The food was odd, though. One section appeared to contain cold salady items and the other cart had what I guess you could call main dishes. Two pots of soup sit off to the side with a bag of hearty multigrain bread between them. I then noticed that meat seemed suspiciously absent but this wasn’t even ordinary vegetarian fare. Frankly, everything looked kind of boiled like prison slop. After I heard the girl restocking the blobby dressing respond, “that’s tofu, we don’t serve cheese” to a flirtatious inquisitive customer, I realized everything was vegan.

Maybe the clientele would give me further clues. There seemed to be large number of black patrons, office ladies in groups and solo gentleman. Ok, so this um, soul food? Not like I’ve ever seen before. Or maybe like a rasta vegetarian thing? But everyone was too clean cut. Should I be here?

Well, there were some white people who looked like the types who work in the Financial District but insist on commuting by bike. And a youngish Indian dude in skintight flared slacks, shades and sporting muttonchop sideburns and a pompadour. The staff seemed bizarrely mellow and polite. Too polite.  Something religious, kind of Amish, was definitely at play and I hoped I wasn’t going to be sucked into a modern day cult.

There also appeared to be a window where you could order food cooked on the spot. I wasn’t sure what to make of the first item on the list called a “handburger.” Or the “haystack” at the bottom of the sign. I’m guessing a handburger is a meatless sandwich, but they probably shouldn’t use such a fleshy word in the name. I’m still not sure what the hell a haystack is.

Little lad's lunch buffet

The food has grown on me during my two visits. It’s not really hippy but more bastardized Midwestern. I mean, three-bean salad and raisin-carrot slaw? I'm surprised they don't have animal product-free jello (I guess that would be agar agar, which is the base for crazy-pretty SE Asian desserts). The strange thing is that many of the items taste kind of pickled or fermented. The zucchini was tart and fizzy, so too the tomatoes. Mushy is the overriding texture. I like the beets, tofu dressing and how all the scoops of mysterious substances blend into a big wholesome blob. Their flyers and signage make all sorts of health claims. I don’t fall for hyperbole but my wild blood pressure and elevated sugars can use all the help they can get.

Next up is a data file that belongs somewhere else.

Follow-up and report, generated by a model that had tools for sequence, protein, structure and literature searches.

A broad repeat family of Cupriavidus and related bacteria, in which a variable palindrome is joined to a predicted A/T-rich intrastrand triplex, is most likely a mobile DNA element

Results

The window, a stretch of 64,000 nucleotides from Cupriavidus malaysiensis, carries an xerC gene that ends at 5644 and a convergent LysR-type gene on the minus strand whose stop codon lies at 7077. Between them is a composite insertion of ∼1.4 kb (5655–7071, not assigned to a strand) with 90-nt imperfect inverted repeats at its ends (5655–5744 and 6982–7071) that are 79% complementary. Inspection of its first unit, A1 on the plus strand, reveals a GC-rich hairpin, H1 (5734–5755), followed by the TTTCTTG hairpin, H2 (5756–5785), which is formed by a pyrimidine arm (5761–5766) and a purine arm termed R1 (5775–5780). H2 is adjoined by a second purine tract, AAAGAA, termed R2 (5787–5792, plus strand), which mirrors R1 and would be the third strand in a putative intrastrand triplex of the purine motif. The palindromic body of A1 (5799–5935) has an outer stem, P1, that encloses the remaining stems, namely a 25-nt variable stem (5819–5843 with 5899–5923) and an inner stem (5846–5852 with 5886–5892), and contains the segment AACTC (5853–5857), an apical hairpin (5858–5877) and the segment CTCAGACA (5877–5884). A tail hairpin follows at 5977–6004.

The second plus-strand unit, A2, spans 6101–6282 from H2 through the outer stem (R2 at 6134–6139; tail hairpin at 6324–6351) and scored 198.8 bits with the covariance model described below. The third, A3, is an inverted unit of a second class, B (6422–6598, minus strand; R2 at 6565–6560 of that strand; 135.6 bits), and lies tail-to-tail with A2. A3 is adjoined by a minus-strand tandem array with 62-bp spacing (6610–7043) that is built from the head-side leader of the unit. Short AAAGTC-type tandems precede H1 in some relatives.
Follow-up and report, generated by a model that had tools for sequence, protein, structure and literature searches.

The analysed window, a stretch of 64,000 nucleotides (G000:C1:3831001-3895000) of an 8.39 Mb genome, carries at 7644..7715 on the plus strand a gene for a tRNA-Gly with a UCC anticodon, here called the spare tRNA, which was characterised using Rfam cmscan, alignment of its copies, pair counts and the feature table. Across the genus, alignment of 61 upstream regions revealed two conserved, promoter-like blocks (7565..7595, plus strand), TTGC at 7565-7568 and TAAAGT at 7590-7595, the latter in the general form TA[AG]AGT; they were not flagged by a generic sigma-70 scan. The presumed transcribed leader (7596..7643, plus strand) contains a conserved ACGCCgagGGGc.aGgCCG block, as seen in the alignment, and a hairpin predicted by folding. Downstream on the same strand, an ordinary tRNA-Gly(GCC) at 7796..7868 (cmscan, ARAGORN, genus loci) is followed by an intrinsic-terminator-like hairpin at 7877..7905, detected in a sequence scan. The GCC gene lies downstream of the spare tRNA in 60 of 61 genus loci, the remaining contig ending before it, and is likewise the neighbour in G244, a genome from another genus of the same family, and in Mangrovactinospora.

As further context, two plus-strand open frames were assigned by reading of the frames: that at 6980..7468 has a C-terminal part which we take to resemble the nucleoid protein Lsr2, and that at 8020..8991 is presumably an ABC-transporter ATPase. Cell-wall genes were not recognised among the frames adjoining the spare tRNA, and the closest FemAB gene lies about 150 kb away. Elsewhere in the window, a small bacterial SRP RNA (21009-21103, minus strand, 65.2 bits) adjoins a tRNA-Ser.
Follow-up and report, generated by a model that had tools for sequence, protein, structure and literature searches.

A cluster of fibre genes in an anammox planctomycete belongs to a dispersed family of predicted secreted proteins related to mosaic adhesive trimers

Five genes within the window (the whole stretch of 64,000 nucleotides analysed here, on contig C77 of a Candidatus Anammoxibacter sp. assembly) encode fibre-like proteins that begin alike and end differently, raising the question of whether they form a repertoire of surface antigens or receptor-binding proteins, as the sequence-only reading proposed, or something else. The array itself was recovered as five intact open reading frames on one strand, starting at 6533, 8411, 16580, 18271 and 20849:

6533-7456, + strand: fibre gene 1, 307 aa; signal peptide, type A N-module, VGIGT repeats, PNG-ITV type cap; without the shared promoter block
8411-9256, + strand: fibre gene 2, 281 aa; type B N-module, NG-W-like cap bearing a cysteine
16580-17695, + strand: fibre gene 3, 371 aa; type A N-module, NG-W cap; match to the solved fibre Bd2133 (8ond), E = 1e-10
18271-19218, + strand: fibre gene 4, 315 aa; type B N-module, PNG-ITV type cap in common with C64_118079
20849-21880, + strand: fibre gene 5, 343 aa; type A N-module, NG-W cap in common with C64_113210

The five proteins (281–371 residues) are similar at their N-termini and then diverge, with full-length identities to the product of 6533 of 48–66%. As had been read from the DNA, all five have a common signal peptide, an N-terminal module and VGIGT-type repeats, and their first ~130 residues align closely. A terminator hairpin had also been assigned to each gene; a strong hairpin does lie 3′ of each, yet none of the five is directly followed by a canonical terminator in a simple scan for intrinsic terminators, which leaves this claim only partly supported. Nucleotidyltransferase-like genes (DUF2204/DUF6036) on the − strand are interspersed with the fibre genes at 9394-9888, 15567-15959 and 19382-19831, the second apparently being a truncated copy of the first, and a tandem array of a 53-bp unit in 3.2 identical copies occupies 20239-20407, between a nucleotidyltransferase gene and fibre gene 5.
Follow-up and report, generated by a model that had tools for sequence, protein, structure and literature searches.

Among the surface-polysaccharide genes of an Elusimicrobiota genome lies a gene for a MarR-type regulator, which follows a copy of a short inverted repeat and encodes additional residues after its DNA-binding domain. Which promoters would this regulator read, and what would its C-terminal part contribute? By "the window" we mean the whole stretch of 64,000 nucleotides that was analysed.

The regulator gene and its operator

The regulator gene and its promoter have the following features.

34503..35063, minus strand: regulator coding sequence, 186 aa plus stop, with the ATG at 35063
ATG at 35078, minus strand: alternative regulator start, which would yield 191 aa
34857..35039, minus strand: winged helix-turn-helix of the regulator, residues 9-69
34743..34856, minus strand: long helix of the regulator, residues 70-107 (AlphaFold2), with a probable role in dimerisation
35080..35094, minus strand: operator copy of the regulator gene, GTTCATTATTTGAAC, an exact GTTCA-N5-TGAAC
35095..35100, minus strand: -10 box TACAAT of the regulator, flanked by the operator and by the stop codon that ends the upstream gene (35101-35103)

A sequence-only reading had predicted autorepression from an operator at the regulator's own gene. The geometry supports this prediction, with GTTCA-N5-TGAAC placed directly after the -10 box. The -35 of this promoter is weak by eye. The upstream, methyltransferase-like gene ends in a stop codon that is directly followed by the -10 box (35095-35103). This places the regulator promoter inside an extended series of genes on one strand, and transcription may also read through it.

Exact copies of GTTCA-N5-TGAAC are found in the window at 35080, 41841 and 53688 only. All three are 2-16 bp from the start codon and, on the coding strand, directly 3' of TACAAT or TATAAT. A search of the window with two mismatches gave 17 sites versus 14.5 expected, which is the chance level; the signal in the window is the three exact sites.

Little lad's entry way

The foyer in what I think is the main entrance has a tv playing sermons and lots of baked goods and fresh fruit on display. On my second visit, I picked up a naturally sweetened apple-cherry pie and James grabbed a bag of lemon herb popcorn. We were rang up by a clean cut middle aged white man that seemed very bible belt and extremely un-NYC. We didn’t get proselytized, just asked, “How did you find us?” A good question.

I later found out that the restaurant is Seventh Day Adventist. I didn’t think that they had any particular dietary restrictions so that is peculiar. The only Seventh Day Adventists I’ve ever known were the family who lived kitty corner to me growing up. I’m certain that I’ve mentioned them before. They stood out, not simply because they were the only African-Americans in our neighborhood but also because the wife had multiple sclerosis and rode around on a motorized scooter, baked cakes from scratch (which my mom thought was outrageous) and the husband was a male nurse. I’m still not sure why male nurses are such a strange concept to people, but they most definitely are. Same for guy librarians.